catechin


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Related to catechin: Epicatechin

cat·e·chin

(kat'ĕ-kin),
A derivative of catechu and used as an astringent in diarrhea and as a stain.

catechin

/cat·e·chin/ (kat´ĕ-kin) an astringent principle from the heartwood of Acacia catechu (catechu) and Uncaria gambier (gambir).

catechin

(kăt′ĭ-kĭn′)
n.
1. A flavonoid, C15H14O6, originally derived from catechu, found in various foods such as green tea, cacao, and many fruits, and used in tanning and dyeing.
2. Any of various isomers or derivatives of this compound. In both senses also called catechol.
References in periodicals archive ?
Furthermore, they demonstrate that catechin is effective in reverse diastolic dysfunction and could be useful for the troponin mutations-induced RCM.
The goal of the Moffitt clinical trial was to evaluate if a one-year intervention with green tea catechins could suppress prostate cancer development in men who had high-grade intraepithelial neoplasia or atypical small acinar proliferation.
In samples to which sugars were added, the highest anthocyanin content samples contained catechin, quercetin and gallic acid.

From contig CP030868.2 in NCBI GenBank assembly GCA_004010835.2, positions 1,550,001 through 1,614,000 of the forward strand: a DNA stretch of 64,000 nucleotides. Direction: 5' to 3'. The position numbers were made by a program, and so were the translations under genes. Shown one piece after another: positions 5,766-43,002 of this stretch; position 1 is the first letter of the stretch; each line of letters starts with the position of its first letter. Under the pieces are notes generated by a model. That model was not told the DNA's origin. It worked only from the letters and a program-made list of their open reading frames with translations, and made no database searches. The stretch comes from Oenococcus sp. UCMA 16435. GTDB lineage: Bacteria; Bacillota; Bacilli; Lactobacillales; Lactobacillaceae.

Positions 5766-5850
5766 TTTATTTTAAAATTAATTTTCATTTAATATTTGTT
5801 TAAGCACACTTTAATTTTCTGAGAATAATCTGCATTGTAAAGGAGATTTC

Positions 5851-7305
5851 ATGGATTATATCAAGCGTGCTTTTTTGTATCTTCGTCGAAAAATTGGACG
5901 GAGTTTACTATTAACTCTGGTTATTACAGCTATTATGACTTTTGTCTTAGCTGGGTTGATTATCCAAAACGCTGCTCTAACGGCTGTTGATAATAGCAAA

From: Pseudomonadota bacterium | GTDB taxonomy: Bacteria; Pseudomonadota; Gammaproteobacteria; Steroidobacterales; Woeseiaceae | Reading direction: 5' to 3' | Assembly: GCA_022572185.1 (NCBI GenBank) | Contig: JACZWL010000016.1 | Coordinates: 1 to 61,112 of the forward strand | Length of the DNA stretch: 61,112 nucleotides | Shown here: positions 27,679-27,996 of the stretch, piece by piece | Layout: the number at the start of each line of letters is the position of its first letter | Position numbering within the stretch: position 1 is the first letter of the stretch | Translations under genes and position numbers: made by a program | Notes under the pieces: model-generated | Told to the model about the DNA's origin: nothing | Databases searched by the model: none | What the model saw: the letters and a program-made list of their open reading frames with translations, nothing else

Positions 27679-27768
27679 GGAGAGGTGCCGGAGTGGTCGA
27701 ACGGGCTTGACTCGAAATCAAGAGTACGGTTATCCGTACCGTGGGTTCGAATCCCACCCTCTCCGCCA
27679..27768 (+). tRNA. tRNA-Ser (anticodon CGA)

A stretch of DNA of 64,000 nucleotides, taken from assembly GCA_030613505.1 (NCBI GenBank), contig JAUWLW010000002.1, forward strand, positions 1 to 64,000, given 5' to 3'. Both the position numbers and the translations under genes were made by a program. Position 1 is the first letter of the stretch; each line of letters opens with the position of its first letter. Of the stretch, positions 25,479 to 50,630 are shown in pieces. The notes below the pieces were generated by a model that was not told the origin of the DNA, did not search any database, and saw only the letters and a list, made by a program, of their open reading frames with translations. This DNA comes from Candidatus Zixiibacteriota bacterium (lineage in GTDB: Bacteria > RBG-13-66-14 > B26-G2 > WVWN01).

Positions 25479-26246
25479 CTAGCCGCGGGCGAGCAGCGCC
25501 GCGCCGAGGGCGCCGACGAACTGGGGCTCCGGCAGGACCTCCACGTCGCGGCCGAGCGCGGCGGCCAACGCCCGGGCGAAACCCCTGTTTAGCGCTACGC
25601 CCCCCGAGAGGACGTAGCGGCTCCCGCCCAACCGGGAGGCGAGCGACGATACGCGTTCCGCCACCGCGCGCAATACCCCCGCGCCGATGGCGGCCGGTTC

The most common catechin was non-gallate catechins such as EGC and EC, while EGCG was almost absent in each tea elution.
In conjunction, the data from in vitro and in vivo studies suggest green tea catechins, in particularly EGCG, exert anti-obesity effects via several mechanisms including inhibition of adipocyte differentiation and proliferation, reduction of fat absorption and fat mass, tricylglycerides, free fatty acids and total cholesterol.
In addition, topically applying green tea catechins in the morning in combination with traditional sunscreens is believed to have the potential to protect the skin from UV-induced damage.
Catechin Treatment and Exercise Prevent the Altered Vascular Function with Age.
After 8 weeks of therapy, the xylitol-containing placebo failed to affect saliva output while the green tea catechin containing formula resulted in a statistically significant increase in saliva output with a 3.
Oral administration of (-) catechin protects against ischemia-reperfusion-induced neuronal death in the gerbil.
For several reasons, tea catechins have poor bioavailability and the goal of the current study was to encapsulate EGCG in casein (milk protein) molecular aggregates, known as micelles, to maintain and enhance catechin bioavailability.
The most abundant and most studied catechin in green tea is epigallocatechin gallate (EGCG).